The inaugural National GST Conference 2016, jointly organized by the Royal Malaysian Customs Department ("Customs") and the Chartered Tax Institute of Malaysia, was held on 31 May 2016 and 1 June 2016 recently.

The conference was attended by approximately 1100 participants, and some of the topics discussed during the conference included issues surrounding disbursement / reimbursement characterizations, international GST decisions and cases, appeals to the GST Tribunal as well as audit and compliance experience in Singapore and Australia.


During the conference, Customs had shared several noteworthy updates relating to the implementation of the GST in Malaysia, as summarized below:

  • Joint audits – Officers from the Malaysian Inland Revenue Board ("MIRB") are currently attending trainings on the Malaysian GST regime. MIRB and Customs are intending to roll out joint audits on taxpayers in the near future.
  • GST audit framework – Customs had announced that it intends to issue a GST audit framework shortly. It is expected that the framework would outline how cases will be selected for audits, how the GST audit will be carried out, as well as the rights and responsibilities of audit officers and taxpayers.
  • Public rulings – Customs had shared that the current clarifications published by way of Director-General Decisions will be codified and replaced with public rulings to be issued under Section 76 of the Goods and Services Act 2014 ("GST Act"). Pursuant to Section 76, where a person has applied the provision in the GST Act in accordance with a public ruling, the Director General shall apply such provision in accordance with the public ruling.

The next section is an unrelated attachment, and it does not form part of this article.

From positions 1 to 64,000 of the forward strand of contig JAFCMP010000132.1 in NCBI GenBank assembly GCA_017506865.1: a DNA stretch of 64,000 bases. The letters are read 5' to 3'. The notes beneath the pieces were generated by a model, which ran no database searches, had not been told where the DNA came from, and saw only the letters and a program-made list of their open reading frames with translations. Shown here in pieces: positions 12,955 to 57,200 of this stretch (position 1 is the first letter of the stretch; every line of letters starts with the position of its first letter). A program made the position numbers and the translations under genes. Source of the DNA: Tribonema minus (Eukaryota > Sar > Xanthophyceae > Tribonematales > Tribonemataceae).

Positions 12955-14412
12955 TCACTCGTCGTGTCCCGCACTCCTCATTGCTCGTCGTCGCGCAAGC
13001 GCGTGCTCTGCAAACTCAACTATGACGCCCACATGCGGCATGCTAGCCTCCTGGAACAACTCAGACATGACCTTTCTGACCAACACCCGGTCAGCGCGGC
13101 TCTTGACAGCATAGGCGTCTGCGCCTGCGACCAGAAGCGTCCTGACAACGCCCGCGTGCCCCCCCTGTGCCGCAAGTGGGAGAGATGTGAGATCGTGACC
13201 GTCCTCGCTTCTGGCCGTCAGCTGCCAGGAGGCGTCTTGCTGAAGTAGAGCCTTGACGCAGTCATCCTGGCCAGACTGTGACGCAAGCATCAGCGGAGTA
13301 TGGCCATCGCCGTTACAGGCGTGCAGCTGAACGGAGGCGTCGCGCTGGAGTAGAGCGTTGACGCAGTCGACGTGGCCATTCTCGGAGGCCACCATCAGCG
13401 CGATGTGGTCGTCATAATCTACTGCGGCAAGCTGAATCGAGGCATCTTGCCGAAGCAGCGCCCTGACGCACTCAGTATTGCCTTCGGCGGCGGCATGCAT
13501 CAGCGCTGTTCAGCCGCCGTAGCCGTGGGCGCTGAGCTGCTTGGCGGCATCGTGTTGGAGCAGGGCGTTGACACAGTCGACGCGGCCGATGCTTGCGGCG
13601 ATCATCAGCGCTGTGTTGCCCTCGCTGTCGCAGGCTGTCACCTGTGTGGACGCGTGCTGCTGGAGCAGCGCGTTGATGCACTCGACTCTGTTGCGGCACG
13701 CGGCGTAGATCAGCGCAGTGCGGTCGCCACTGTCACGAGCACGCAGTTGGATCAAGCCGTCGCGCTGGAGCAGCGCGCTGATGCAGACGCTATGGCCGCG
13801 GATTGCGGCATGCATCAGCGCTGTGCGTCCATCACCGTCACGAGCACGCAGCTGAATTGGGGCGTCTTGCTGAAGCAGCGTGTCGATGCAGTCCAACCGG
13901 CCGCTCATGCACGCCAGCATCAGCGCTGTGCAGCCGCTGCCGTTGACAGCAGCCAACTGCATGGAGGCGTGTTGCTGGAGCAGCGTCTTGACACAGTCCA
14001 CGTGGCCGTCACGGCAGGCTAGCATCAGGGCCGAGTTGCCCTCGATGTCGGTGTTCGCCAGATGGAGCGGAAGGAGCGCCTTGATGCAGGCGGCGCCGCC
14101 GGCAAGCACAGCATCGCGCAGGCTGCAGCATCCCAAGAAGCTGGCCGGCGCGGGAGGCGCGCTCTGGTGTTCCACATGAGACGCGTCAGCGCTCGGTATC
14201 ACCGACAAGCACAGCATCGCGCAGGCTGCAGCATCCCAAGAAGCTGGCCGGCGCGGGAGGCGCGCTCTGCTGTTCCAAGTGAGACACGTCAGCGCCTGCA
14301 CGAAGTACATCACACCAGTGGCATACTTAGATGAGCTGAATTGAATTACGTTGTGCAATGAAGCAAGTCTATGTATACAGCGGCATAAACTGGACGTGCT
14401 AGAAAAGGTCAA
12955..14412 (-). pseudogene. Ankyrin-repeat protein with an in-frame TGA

• Grace period for full GST compliance - In the run up to the implementation of the GST regime, the Ministry of Finance was reported to have announced that a two-year grace period for full implementation with the GST regime would be provided to companies which have been registered, and no strict action would be taken if such companies were found to have made errors during this grace period. However, following questions raised by participants seeking confirmation that Customs would not impose penalties during this two-year period, Customs had clarified that as no official statement was issued with respect to the grace period, penalties will be imposed in accordance with the GST Act for any non-compliance with the GST laws during the two-year period.

Comments and Recommendation

These updates would appear to signal a change in momentum towards GST compliance, and we expect to see an increase in audit activity by Customs on GST matters in the near future. Therefore, it would be timely and prudent for businesses to undertake an internal review and health check to determine compliance with the GST requirements, as penalties could be applicable in the event that instances of non-compliance are discovered during an audit by Customs.